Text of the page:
There was still a very tiny nick-like thing for that one deep pit in there, but would it matter? Well, of course it would sometime, but at this point, I was more interested in seeing if all of this wasn’t a waste of my time, so I put the blade into the plane and tried it out:

Bingo. Translucent shavings, polished surface, yadda yadda. The wood on the left is beech, and the one on the right is some mystery softwood (spruce or fir, most likely). The softwood actually had some figure that the plane brought out:

Yeah, that’s a little birdseye that’s trying to come out. Strangely, I didn’t find the ridge from that little nick in the edge, but I’m sure I will sometime, so I still have to take care of that.

In the end, the face of the blade looks like this:

So in the center, it’s kind of the opposite of a Japanese blade–whereas those have the hollow in the center and are high on the edges, this one has a big annoying high spot in the center. However, that spot still gives you something to register upon when honing the face. It’s as easy to sharpen as a Japanese blade, too, because there’s much less surface area to float on top of the stone.

Well, we’ll see how this works out. As I hinted at the beginning of the post, this could possibly be one of the most idiotic things I’ve done to a tool.

Goofs Illustrated: Too Many Planes

I’m going to start a new feature that will appear irregularly, meaning “whenever I have material.” Essentially, when I have enough explanation for something that I messed up, I’ll write about it. I was originally going to call these “mistakes,” but I realized that they aren’t that serious (and Kari Hultman agrees). It’s an important distinction because I don’t want to give the impression that you can’t get anything done if you goof up, goof off, or whatever. I’ve completed several projects while doing the “wrong thing.” The contradiction is that in woodworking, completing a project is essentially never the wrong thing to do. Just ask your significant other.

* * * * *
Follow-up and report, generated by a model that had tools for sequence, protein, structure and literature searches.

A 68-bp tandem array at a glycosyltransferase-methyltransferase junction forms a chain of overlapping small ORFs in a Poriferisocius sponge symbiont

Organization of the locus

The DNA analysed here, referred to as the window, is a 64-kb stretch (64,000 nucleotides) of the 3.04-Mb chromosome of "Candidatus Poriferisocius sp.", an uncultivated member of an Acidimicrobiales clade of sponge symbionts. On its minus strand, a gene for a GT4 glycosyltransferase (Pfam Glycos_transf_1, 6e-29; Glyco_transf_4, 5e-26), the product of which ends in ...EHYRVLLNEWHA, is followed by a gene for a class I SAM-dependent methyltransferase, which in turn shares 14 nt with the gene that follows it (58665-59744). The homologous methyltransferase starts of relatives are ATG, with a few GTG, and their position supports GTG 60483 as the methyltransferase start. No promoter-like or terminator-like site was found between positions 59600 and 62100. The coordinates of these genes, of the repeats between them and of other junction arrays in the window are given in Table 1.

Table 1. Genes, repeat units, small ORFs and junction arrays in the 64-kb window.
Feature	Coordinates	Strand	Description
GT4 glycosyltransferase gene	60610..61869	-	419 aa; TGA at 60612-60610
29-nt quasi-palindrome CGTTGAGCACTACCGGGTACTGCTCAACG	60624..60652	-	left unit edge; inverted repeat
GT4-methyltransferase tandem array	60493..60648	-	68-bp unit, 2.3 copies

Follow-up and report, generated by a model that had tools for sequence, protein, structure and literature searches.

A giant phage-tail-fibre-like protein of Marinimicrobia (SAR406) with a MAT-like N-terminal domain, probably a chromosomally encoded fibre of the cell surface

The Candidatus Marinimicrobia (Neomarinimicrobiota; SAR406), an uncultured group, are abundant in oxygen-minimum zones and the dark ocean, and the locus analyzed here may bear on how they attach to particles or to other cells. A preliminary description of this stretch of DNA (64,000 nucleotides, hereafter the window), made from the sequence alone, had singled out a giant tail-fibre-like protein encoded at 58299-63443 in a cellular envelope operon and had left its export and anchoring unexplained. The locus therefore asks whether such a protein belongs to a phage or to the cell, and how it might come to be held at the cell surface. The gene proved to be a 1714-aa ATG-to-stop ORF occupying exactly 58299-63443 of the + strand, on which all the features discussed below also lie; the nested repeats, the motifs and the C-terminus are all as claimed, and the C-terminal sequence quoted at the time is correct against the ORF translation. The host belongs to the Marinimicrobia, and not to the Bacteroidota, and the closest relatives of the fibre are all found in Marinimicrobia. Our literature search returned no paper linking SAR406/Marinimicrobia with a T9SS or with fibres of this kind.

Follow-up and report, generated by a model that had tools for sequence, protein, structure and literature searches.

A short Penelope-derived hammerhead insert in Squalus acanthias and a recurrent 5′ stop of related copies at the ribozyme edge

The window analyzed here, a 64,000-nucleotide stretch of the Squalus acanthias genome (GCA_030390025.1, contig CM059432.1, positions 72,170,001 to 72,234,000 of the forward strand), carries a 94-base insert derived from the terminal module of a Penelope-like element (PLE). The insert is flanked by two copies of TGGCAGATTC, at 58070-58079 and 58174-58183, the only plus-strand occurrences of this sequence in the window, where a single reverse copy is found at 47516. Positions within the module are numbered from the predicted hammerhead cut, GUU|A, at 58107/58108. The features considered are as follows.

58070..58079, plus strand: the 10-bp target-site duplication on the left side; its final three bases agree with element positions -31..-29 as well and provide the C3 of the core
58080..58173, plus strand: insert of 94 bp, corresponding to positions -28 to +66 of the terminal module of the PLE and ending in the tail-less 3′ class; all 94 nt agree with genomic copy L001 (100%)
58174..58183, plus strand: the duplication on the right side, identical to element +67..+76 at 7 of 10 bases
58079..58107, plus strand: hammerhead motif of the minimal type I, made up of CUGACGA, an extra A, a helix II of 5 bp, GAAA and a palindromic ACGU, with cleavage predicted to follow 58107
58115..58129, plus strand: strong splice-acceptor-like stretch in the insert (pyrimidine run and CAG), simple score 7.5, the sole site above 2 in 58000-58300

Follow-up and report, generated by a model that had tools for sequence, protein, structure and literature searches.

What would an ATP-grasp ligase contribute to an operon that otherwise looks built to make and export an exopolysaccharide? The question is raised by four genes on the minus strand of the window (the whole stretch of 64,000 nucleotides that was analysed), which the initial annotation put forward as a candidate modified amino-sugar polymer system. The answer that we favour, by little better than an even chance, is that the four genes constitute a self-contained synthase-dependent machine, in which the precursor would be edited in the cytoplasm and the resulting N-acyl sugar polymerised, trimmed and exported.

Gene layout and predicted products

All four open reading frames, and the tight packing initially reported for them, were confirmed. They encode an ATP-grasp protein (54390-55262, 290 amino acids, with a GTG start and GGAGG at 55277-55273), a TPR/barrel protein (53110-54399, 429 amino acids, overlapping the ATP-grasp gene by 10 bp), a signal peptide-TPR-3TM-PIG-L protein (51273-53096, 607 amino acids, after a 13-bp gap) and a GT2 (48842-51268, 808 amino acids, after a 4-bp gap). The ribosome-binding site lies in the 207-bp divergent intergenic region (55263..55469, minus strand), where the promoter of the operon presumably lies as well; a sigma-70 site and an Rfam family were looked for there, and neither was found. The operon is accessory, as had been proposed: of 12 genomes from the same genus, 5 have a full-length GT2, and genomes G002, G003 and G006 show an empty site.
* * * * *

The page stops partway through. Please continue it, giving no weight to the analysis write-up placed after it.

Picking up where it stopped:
So here we go with the most obvious one: I bought too many stupid bench planes, and didn’t know what to do with them. You’re going to see a lot of confessions like this (if you haven’t already) due to the release of Schwarz’s The Anarchist’s Tool Chest, where he goes into detail about this. It is a recurring thing, though–seems that everyone has to go through it because otherwise, you really don’t know for yourself.

Let’s start with jack planes. I knew that I needed a jack plane and I got a pair of metal Bailey-style models early on because they were not expensive. I got one working well as a general-purpose plane and I was really happy that I was able to get the thing to take nice shavings. So far, so good, but that didn’t stop me from buying more. I ended up with four #5-size ones. I don’t know why, because I use only one of them. I’m currently thinking about adapting a second to shooting-board use, so that would still leave two extras. And that #5 1/4-size plane I picked up? I’ve used it maybe once, but it sure is cute.

What’s probably worse is that I didn’t put a serious camber on my jack plane until, what was it, three years after I got it? That was almost a year and a half ago. Stock prep has never quite been the same since. I’d made a scrub plane, which is great for getting really icky boards into shape, but it never occurred to me that I should have something somewhere between that and a straight edge.

What was I thinking?

So I’m happy with that thing, but am I finished with jack planes?

Oh well, the answer doesn’t matter. Let’s talk about smoothers now, because we have to. At my peak, I had five metal #4-sized smoothers. I’m down to three: one that does what it’s supposed to do when it’s sharp, one that I don’t use so much, and another that I’m prepping to give to a friend. I have a wooden Taiwanese plane that works wonders as a smoother, and I’m thinking about rehabbing a coffin smoother because wooden planes are awesome. And there’s the #3 size that I’ve got, too. It works great but I never use it.

This would be a nice set. The coffin smoother isn't tuned, though.

At least smoothing planes are small, though. I don’t have as many as a hardcore addict, so they’re easy to stow away and sort of forget about. Unlike jointer planes.

I’ve owned five jointer planes. I had two metal Bailey #7-size examples and they worked okay, but I was never terribly happy with them. I gave one to a friend. I also had a #8 that needed some work. I gave that one to a fellow BAG when I realized that I hadn’t gotten it to work yet because I never really wanted it to.